This tea smells immediately different from what I’ve had recently (which are savory Yunnan’s and dark malty black teas). The leaves are beautiful twisted loose curls, not golden nor black but silvered brown. The scent of the dry leaves are very hard to describe but the wet leaves smell floral and “dry”. The first sip is light and bright with a brief hint of cocoa and then sparkle, sparkle, sparkle, that fine mineral sparkle so lovely and cooling.

The second infusion is indeed dry but in a wonderful way like scotch. There are woodsy notes as well as the floral and bit of smoke. My thought is that this tea must indeed be made by a master. It reminds me more of Oriental Beauty and sheng than any Chinese black teas I’ve had experience with. Herbaceous notes and camphor pop up every now and then, with whispers of that first cocoa and prickles of pepper on the sides of the tongue.

Third infusion is herbaceous and peppery. Cooling and warming at the same time. Turns a bit savory and salty in the middle of the sip but not as much as the Jin Jun Mei I had yesterday and this morning, it is still floral in the beginning and in the finish and aftertaste. Now there is a battle on my tongue competing notes of sweet and salty, floral and peppery, cool and dry causing it to tingle and pulse.

In the first few sips of the fourth infusion, all the tastes of the third infusion are present only stonger and more solid. The tea is developing more body and less effervescence. And as the body develops, a slight butteriness is born and yet the tongue buzzes and the sensation from the tea is so thick and heavy you could bite into it. There is a hint of fruit here at the end of cup, that reminds me of gum and kiwi? And the buzzing of my tongue is spreading to the base of my neck and down my spine and arms and I am reminded that I must eat. Break.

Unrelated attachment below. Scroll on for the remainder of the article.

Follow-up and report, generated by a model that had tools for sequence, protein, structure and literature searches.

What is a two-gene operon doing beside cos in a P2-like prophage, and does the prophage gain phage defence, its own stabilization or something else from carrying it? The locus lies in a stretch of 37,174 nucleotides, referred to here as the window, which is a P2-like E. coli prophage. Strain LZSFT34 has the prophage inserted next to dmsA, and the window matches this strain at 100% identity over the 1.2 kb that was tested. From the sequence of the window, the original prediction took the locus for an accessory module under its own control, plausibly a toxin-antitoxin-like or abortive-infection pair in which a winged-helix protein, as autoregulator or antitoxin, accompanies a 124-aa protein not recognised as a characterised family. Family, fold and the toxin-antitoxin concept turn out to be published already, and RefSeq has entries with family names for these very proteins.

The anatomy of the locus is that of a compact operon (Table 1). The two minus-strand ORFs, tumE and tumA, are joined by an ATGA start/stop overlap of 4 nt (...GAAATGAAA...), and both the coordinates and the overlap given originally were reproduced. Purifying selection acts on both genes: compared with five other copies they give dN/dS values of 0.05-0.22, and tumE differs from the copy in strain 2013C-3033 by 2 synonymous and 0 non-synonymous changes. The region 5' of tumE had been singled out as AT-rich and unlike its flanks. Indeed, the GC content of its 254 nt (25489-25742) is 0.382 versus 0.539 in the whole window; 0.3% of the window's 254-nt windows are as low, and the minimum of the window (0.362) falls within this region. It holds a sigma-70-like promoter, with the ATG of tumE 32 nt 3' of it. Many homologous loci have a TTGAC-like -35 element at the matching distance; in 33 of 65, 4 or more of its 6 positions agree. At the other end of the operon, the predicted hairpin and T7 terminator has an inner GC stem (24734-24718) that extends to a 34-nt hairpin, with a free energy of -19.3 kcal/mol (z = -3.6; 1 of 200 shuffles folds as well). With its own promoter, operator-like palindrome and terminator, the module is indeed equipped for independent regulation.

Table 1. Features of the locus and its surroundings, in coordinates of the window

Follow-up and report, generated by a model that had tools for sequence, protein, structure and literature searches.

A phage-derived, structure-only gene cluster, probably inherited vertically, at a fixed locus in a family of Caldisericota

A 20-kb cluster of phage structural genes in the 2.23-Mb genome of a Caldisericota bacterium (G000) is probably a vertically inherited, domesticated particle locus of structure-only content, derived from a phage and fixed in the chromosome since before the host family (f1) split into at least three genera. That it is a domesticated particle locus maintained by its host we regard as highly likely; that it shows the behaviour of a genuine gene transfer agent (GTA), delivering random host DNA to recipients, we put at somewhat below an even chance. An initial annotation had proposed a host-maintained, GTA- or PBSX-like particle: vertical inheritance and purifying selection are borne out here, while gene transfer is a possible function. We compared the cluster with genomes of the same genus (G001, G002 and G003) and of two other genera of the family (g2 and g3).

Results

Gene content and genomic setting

Note that I wrote this note without looking at the tea’s description or other tasting notes (besides reading them a month ago) but now after reading, I realize now that the butteriness is more like olive oil and the notes I was finding similar to Oriental Beauty were muscatel and the fruit notes did have a grape and apple (gum) I got the sheng on my own though. Yay for sitting and listening to tea, it’s been awhile and this was certainly an intense experience that I hope to resume after food.

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Druid, artist, poet, mum, lover of tea, ritual and myth. I grew up on Celestial Seasons herbals but fell in love with straight loose leaf tea working at my local Teavana for a year. I am grateful for the introduction and the experience, but have moved on.

I see tea as an experience for the senses, I like to imagine tasting the land and the weather as well as the effect of sun, air, fire and the human hand. I have a soft spot for shu pu’er, yabao, scented oolongs, wuyi oolongs, taiwanese tea as well as smooth naturally sweet blacks, creamy greens and surprisingly complex whites.

I began ordering lots of samples from Upton to educate myself on different varieties of tea we didn’t have at work and have fallen head over heels for the unique offerings from Verdant Tea. I am learning things I like: buttery mouthfeel, surprising sweet or spice notes, woodiness, mineral notes, depth and complexity and things I don’t: astringency, dry and sour notes.

I collect tea tins and am in danger of collecting pots, though I am trying to restrain the urge due to current lack of space. I brew mostly in a glass infuser mug or a tea maker, only using cast-iron for company now (still need to get a gaiwan) and tend not to sweeten my teas unless they are British or fruity and iced, which is not often.

As far as ratings, I lack a definite system and haven’t been assigning numbers lately, wanting to spend multiple sessions with a tea first. I usually only log a tea once, unless it is a new harvest or I have significantly different observations, but will go back and edit or comment if I find something interesting or new.


Baker Street, Berea, Ohio

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